The calculation program adopts our research group’s in-house dynamic finite element program by a self-developed FORTRAN program [27], in which the input method of obliquely incident seismic waves and the dynamic contact force method are implemented. Before inputting seismic waves, the contact surface is firstly set at the interlaminar interface between hard and soft rocks. The node separation of hard and soft rock elements is accomplished by adding common contact node pairs on both sides of the interface. In numerical calculation, the dynamic elastic-plastic damage constitutive model based on the Mohr-Coulomb yield criterion is used for surrounding rock [28], while the plastic damage constitutive model is used for lining and concrete structure [29]. The scalar damage variable *d* for lining is defined aswhere *d*_{t} and *d*_{c} are the tension and compression damage variables, respectively. *s* is the stiffness recovery coefficient of the element from tension state to compression state during load reversal. *A*_{t}, *B*_{t} and *A*_{c}, *B*_{c} are the corresponding tension and shear damage parameters, and their values can be obtained with uniaxial compression tests for *A*_{c}, *B*_{c} and flexion tests for *A*_{t}, *B*_{t}. is the equivalent plastic strain. and are the tension and shear damage thresholds. It should be noted that the tensile criteria should be given higher priority in numerical calculation. When an element meets the maximum tensile strain criterion, the lining element is considered as tension damage. And it is unnecessary to judge whether the element satisfies the Mohr–Coulomb yield criterion. Otherwise, the Mohr–Coulomb yield criterion is used to identify the compressive strain state of the element.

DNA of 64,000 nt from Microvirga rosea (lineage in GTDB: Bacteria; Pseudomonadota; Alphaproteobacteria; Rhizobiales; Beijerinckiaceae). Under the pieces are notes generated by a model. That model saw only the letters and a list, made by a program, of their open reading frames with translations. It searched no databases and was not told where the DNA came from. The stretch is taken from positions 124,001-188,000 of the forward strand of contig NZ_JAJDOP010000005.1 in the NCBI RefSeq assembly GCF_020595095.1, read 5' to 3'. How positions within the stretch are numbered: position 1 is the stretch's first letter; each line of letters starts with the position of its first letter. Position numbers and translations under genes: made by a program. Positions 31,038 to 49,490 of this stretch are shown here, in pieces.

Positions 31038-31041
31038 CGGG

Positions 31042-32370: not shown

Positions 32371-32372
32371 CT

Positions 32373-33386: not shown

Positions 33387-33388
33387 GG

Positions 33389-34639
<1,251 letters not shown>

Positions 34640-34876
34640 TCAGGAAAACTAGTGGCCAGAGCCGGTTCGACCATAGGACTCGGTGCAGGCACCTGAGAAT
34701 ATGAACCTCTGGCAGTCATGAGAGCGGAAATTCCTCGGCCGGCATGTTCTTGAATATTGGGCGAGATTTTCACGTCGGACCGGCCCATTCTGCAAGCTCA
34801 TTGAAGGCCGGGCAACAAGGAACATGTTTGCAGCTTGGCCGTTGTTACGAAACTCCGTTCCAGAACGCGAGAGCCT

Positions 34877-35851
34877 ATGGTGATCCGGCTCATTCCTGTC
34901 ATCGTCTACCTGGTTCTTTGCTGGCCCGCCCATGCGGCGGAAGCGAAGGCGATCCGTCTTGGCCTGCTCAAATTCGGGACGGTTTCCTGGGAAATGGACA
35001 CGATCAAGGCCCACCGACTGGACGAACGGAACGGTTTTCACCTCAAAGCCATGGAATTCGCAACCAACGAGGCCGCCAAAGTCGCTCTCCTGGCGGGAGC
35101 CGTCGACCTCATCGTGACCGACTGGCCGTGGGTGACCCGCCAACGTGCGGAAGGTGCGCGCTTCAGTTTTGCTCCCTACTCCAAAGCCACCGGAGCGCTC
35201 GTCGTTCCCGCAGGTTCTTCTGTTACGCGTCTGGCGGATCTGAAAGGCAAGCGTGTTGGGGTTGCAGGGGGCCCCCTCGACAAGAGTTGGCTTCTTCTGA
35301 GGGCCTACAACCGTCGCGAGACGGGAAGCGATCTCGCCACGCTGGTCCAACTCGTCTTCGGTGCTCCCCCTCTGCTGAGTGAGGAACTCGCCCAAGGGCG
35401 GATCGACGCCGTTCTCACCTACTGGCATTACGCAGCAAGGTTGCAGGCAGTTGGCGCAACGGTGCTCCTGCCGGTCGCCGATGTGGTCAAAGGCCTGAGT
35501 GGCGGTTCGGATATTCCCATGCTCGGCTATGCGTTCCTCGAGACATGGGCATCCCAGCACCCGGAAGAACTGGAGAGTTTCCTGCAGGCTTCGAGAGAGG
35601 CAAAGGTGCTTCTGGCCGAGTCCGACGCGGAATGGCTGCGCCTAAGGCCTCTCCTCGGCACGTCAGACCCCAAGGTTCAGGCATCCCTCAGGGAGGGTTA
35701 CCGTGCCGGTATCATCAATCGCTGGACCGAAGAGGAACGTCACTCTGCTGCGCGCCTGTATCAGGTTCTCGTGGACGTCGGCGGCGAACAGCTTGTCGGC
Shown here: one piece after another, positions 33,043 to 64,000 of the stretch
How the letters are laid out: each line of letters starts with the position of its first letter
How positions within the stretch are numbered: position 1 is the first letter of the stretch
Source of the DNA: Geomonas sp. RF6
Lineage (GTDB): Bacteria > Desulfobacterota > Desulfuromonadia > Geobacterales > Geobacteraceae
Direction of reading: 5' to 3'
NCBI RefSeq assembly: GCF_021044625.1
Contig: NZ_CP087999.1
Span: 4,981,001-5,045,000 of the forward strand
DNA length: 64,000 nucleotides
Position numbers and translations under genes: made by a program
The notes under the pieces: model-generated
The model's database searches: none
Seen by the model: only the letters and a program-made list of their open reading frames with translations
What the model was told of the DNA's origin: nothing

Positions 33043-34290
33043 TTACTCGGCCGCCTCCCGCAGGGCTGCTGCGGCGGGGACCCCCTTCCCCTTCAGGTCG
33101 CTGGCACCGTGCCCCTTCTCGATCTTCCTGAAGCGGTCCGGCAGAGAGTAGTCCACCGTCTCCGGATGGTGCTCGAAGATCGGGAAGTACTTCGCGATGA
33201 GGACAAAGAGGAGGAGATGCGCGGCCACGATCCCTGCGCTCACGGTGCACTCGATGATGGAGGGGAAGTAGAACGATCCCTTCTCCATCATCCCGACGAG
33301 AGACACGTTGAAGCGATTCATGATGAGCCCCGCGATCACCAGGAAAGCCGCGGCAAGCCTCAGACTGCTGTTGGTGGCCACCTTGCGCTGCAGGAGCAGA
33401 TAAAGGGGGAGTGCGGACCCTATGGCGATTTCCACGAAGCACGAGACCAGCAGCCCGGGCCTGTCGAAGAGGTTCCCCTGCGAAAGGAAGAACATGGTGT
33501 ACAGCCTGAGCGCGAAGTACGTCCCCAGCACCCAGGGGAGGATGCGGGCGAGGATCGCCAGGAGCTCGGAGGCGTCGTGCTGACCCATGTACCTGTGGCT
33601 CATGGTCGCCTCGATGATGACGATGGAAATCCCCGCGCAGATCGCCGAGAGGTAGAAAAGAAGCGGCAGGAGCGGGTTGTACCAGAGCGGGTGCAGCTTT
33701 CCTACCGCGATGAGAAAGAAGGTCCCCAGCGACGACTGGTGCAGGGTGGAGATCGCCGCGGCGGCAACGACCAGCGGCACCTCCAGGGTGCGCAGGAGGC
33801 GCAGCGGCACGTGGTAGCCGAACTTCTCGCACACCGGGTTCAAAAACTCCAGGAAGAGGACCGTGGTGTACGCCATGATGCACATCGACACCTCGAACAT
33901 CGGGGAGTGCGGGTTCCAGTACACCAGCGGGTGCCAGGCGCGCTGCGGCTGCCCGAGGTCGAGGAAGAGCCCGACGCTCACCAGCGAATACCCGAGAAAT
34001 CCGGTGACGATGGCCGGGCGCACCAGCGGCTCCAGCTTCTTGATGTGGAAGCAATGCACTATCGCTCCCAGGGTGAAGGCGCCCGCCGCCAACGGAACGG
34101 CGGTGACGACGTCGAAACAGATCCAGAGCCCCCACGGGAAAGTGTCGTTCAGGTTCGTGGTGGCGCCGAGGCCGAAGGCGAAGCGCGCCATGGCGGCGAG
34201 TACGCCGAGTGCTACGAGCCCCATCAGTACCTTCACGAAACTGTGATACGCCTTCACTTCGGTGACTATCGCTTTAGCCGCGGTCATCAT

Given the large buried depth of the underground cavern, a total of 580,000 elements needs to be added if the model is built to the ground surface. Thus, in order to improve the computational efficiency, the top of the model is built to double the height of the cavern. Accordingly, the 3D viscoelastic artificial boundary is imposed on the bottom, four sides, and top of the model, to absorb the obliquely incident seismic waves and the corresponding reflected waves. The El-Centro wave is employed as the input seismic wave. According to the seismic fortification intensity of the Azad Pattan Hydropower Station, the peak acceleration is adjusted to 3.15 m/s^{2} and the first 20-second acceleration time history with strong seismic motion is intercepted, which are processed by filtering and baseline correction. The influence of obliquely and vertically incident seismic waves on surrounding rock and lining is considered in this study, where the input angle is 30° under oblique incidence. Besides, the effects of P waves and SV waves on the underground powerhouse are also taken into account for dynamic calculation. Meanwhile, SV waves adopt the incident waves exhibited in Figure 9, and the acceleration of P waves is 2/3 that of SV waves. Since the explicit central difference method is employed to solve the near-field wave propagation problem, it is necessary to determine an appropriate time step Δ*t* to meet the accuracy and stability of the solution. Based on the wave motion principle, Δ*t* can be understood as the shortest time during which the propagation distance of the seismic wave is not greater than any element size. It can be written aswhere *α* is an empirical coefficient and is generally 0.8 ≤ *α* ≤ 0.98; *C*_{e} is the wave velocity. For the hexahedron element with 8 nodes, *l*_{e} is the ratio of the volume to the maximum area of the element.